Politics & Policy

Economy Pundits: Who You Gonna Believe, Me or Your Own Eyes?

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The American people refuse to believe things are getting better, and they're right.

Liberals, and Keynesian conservatives, are facing a tough intellectual challenge: Why do the American people — who, we can all agree, are otherwise perfectly delightful — persist in their stubborn belief that the U.S. economy stinks, when all experts agree that the fifth annual Summer of Recovery is upon us?

That question got a little more vexing this week, as the U-3 unemployment rate increased to 6.2 percent and a Gallup poll indicated Americans are the most pessimistic they’ve been about the economy since December (when the unforeseeable phenomenon of cold weather in winter — probably attributable to global warming — caused a surprise slowdown in the previously flourishing Obama economy).

The unemployment spike, as soi-disant experts love to point out, is actually a sign that things are improving, since it means more people are looking for work. (This time the experts may be right, as labor force participation has also increased.) But why can’t the people whose job it is to survive in the American economy, rather than pontificate about it, understand such subtle points? The answer rests partly in the failure of experts to miseducate the public, and partly in the failure of the public to understand the baroque terminology and chop logic of political economy. But mostly it rests in one hard fact: The experts are wrong, and the unwashed masses are right.

The president provides a wonderful demonstration of the principle that you can replace any number in any speech with “eleventy-four million” and the rhetorical effect will be the same. Obama brags that he (alone, presumably) created 200,000 jobs in July, and that certainly sounds impressive. But according to the Hamilton Center’s Jobs Gap calculator, the U.S. economy needs to be creating at least 280,000 jobs per month, every month, just to get back to the pre-recession employment level by the time Obama leaves office (presuming he is willing to vacate the White House at the end of his second term). For what it’s worth, the economy has averaged about 180,000 jobs per month since the beginning of the Obama presidency.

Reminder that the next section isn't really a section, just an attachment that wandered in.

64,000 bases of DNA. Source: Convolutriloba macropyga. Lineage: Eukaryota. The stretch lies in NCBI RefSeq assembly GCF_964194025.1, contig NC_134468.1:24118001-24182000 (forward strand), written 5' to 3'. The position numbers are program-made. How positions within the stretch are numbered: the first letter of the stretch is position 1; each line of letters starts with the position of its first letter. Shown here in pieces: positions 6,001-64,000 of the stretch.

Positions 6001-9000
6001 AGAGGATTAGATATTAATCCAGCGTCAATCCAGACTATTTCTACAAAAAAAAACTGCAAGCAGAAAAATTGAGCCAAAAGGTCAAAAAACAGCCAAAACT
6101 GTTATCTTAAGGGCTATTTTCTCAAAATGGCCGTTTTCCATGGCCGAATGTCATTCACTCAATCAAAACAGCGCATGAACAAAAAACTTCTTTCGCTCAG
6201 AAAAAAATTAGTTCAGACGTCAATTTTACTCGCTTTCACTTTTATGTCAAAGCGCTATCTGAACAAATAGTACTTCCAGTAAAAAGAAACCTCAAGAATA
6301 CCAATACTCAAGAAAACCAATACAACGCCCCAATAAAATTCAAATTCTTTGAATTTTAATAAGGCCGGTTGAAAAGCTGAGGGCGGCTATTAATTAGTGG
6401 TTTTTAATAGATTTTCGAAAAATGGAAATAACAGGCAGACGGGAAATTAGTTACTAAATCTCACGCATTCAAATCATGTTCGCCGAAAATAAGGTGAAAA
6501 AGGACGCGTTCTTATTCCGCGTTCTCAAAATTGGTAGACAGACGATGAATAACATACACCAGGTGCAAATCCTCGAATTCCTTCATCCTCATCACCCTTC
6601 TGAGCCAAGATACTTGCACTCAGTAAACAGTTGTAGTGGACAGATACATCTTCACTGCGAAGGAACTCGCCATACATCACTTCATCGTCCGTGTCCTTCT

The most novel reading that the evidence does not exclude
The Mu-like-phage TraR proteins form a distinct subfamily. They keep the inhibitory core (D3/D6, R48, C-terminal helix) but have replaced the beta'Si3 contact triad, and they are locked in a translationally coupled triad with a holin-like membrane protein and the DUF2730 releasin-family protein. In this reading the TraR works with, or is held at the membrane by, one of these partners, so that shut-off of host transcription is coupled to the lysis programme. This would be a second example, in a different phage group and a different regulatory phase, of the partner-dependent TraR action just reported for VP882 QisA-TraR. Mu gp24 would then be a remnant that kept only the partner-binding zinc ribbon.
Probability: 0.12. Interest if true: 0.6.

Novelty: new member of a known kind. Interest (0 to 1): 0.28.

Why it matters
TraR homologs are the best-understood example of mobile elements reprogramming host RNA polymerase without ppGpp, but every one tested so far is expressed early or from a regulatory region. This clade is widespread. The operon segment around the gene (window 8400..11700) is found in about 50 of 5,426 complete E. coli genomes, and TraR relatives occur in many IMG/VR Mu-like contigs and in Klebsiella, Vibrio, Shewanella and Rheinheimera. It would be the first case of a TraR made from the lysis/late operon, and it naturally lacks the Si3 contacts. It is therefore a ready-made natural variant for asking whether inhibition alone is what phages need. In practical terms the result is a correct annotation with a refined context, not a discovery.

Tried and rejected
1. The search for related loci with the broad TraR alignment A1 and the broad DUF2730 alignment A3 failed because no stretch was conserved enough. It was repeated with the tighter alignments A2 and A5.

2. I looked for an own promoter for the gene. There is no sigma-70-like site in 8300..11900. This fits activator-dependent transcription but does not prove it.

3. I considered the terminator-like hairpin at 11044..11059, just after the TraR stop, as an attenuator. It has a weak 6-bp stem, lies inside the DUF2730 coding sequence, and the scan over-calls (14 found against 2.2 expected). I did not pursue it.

The collective buying and selling decisions of 330 million people constitute an irreducibly complex whole, far more complex than can be understood by any central planner or central banker. Since nobody can control economic outcomes on a large scale, but many people have an interest in making you think they can, there is a clear need for this kind of numerical obfuscation. The point of political speech isn’t to say things that concur with your lived experience; it’s to make you mistrust what you’ve learned from your experience.

Then at the end, Obama suggests the “steps that we could be taking to maintain momentum and perhaps even accelerate” are infrastructure spending, a higher minimum wage, more regulation of pay and leave, and more subsidies for student loans. The president would have us believe the economic boom is being held back by insufficient regulation and inadequate spending of taxpayer dollars.

It’s not a problem that few people believe this; it’s a sign of common sense. And it’s not a mystery that people whose understanding of the American economy is experiential rather than theoretical remain pessimistic despite what their betters say. The reason people believe the economy stinks isn’t that their understanding of monetary stimulus is inadequate or that the good news from Wall Street hasn’t filtered through to Main Street. They believe the economy stinks because the economy stinks. It has been stinking for nearly ten years, and that’s a pretty big chunk of your life to spend waiting for the good news to become believable.

— Tim Cavanaugh is news editor of National Review Online. Follow him on Twitter and Facebook.